Ubuntu To Enter Tablet Market
Apple's iPad was hardly the first tablet to appear on the scene, but it is unquestionably responsible for the recent spike in tablet development. Now it looks as if Ubuntu — the Linux distro everybody loves to hate, but uses anyway — will be entering the field as well.
Canonical — the sponsor-company of Ubuntu and a number of other projects — revealed last week that development on a tablet version of Ubuntu is underway, which will be merged with its existing netbook edition to form Ubuntu Light. An existing version with that designation will presumably be renamed, integrated, or dropped altogether.
Canonical OEM Vice President Chris Kenyon said the company considers tablets "a really exciting space right now and we're really bullish on it", and could enter the market as early as the beginning of next year. At the same time, he made clear that tablets are as far as they intend to go — responding to the suggestion of a potential smartphone OS, he described that market as a "crowded space with a lot of powerful players".
Unlike Ubuntu — which though available pre-installed from some vendors, is primarily a user-installed distribution — it appears the tablet version will be developed with manufacturers in mind. According to Kenyon, Canonical has already inked deals with chipmakers Texas Instruments, Freescale, and Marvell, and is actively working with other manufacturers.
The initial version of Ubuntu Light — which will compete in the Linux space with power players like Google's Android — will be based on Ubuntu 10.10, due to be released in October. In addition to focusing on speed and power consumption, the OS will feature a streamlined UI optimized for touch-screen use.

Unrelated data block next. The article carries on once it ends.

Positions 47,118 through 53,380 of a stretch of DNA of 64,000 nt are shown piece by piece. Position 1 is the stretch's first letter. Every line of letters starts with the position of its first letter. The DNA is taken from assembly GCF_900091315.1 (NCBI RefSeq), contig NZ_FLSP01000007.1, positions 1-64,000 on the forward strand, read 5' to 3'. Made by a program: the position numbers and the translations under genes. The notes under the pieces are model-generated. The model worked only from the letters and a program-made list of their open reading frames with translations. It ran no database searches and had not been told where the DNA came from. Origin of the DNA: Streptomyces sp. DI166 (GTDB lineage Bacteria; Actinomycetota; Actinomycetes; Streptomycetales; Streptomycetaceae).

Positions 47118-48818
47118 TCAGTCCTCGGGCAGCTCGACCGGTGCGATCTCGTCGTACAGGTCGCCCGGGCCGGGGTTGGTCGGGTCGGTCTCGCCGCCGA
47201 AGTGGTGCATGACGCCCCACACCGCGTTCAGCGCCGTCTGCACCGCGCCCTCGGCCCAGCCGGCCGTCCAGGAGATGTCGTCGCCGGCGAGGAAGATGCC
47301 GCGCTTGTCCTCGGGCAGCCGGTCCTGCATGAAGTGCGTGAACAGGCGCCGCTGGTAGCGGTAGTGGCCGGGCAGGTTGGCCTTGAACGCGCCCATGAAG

Justin Ryan is a Contributing Editor for Linux Journal.
Fast/Flexible Linux OS Recovery
On Demand Now
In this live one-hour webinar, learn how to enhance your existing backup strategies for complete disaster recovery preparedness using Storix System Backup Administrator (SBAdmin), a highly flexible full-system recovery solution for UNIX and Linux systems.
Join Linux Journal's Shawn Powers and David Huffman, President/CEO, Storix, Inc.
Free to Linux Journal readers.Register Now!
- Server Hardening
- BitTorrent Inc.'s Sync
- EnterpriseDB's EDB Postgres Advanced Server and EDB Postgres Enterprise Manager
- The Death of RoboVM
- The US Government and Open-Source Software
- The Humble Hacker?
- Open-Source Project Secretly Funded by CIA
- New Container Image Standard Promises More Portable Apps
- AdaCore's SPARK Pro
- ACI Worldwide's UP Retail Payments
In modern computer systems, privacy and security are mandatory. However, connections from the outside over public networks automatically imply risks. One easily available solution to avoid eavesdroppers’ attempts is SSH. But, its wide adoption during the past 21 years has made it a target for attackers, so hardening your system properly is a must.
Additionally, in highly regulated markets, you must comply with specific operational requirements, proving that you conform to standards and even that you have included new mandatory authentication methods, such as two-factor authentication. In this ebook, I discuss SSH and how to configure and manage it to guarantee that your network is safe, your data is secure and that you comply with relevant regulations.Get the Guide